Sorry Kermit, it IS easy being green – at least at CES09

January 11, 2009 in News & Events | Comments (0)


The tech industry hasn’t historically been the most environmentally conscious. From the tons of toxic waste generated from making computers to the stuffing of landfills with cast off bits and bobs (many of which contained chemicals that leached into the ground over time), it’s been a long time coming for the industry to get a clue.
But get a clue it has, and at this year’s CES I was pleased to see that there was not only a specially identified section of companies focused on bringing environmentally conscious products to market, but almost every booth (at least of big companies) that I passed had some green-related focus.
To be clear, though, CES 2009 has miles of exhibit floor space and I cruised through the Sustainable Planet section in about 40 minutes. That may sound like a long time, but considering the sheer magnitude of the convention (even in this year’s reduced size), it’s clear we still have quite a way to go.
Here’s a short list of companies I checked out here at CES09 that trotted out an array of products and programs to address everything from carbon offsetting to recycling to renewable energy:
LGE Electronics featured reduced power consumption products that also had lower CO2 emission.
Green Goods Technology showed products that are great for travel and camping, from hand-cranked to solar powered. I particularly liked the hand cranked massager.
Eco-button offers a rapid off switch for your computer that saves energy, money and C02.
HP, which was one of the original participants of Energy Star when that kicked off showed new products.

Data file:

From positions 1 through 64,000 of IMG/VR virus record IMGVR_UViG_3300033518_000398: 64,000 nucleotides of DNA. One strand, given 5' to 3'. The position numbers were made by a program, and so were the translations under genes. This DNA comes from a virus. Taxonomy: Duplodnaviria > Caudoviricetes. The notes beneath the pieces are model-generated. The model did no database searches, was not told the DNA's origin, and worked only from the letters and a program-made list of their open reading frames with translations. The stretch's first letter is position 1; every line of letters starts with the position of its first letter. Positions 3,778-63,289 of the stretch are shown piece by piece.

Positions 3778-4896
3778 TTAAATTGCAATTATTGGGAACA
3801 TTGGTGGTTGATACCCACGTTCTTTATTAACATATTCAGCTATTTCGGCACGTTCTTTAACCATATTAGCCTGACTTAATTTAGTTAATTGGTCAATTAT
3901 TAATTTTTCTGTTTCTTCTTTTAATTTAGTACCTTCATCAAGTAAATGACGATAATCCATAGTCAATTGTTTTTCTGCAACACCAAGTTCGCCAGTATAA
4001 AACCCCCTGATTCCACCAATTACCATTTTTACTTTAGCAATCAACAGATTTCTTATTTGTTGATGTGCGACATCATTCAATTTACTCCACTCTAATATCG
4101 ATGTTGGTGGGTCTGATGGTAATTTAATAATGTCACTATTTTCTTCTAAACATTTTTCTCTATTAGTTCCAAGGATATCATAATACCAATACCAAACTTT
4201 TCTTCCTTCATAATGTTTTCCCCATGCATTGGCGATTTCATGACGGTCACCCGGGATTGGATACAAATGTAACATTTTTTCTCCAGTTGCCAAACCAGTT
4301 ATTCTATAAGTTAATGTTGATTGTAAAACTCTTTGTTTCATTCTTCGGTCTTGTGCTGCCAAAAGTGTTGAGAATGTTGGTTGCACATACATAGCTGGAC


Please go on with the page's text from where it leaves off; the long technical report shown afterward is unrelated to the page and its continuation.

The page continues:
Samsung has a pretty extensive program and at CES09 were highlighting their cell phone recycling program.
I’m also putting together a mash-up video that features some of the products. I’ll get that edited and amend this post when that’s done.
But in the spirit of getting this out today, I wanted to share a conversation that I had with Dave Conrad of Nokia. He heads up the company’s environmental activities in North America.
In this interview – which I’m posting in its raw form start to finish – Dave talks about his company’s attention to the topic. Starting with their booth, Nokia was walking the walk and talking the talk. They used carpet made from recycled PET, repurposed furniture that was used in last year’s show. (Nokia wasn’t alone in this, Intel and some other companies did the same.) They also ratched down the lighting for their booth so they would consume less energy and put the kabosh on plastic water bottles at their booth, giving out steel water canteens instead.
They also extended their environmental effort to folks who stopped by the booth, asking people from where they’d flown so that Nokia could offset the carbon emissions of their travel – something that the company does as a matter-of-course for its employees.
From minding the materials they use with which to build their products to ways they help their customers and even employees be mindful of being green, Nokia is one of many major companies at CES09 proving that Kermit the Frog may have been wrong. It *can be* easy to be green.


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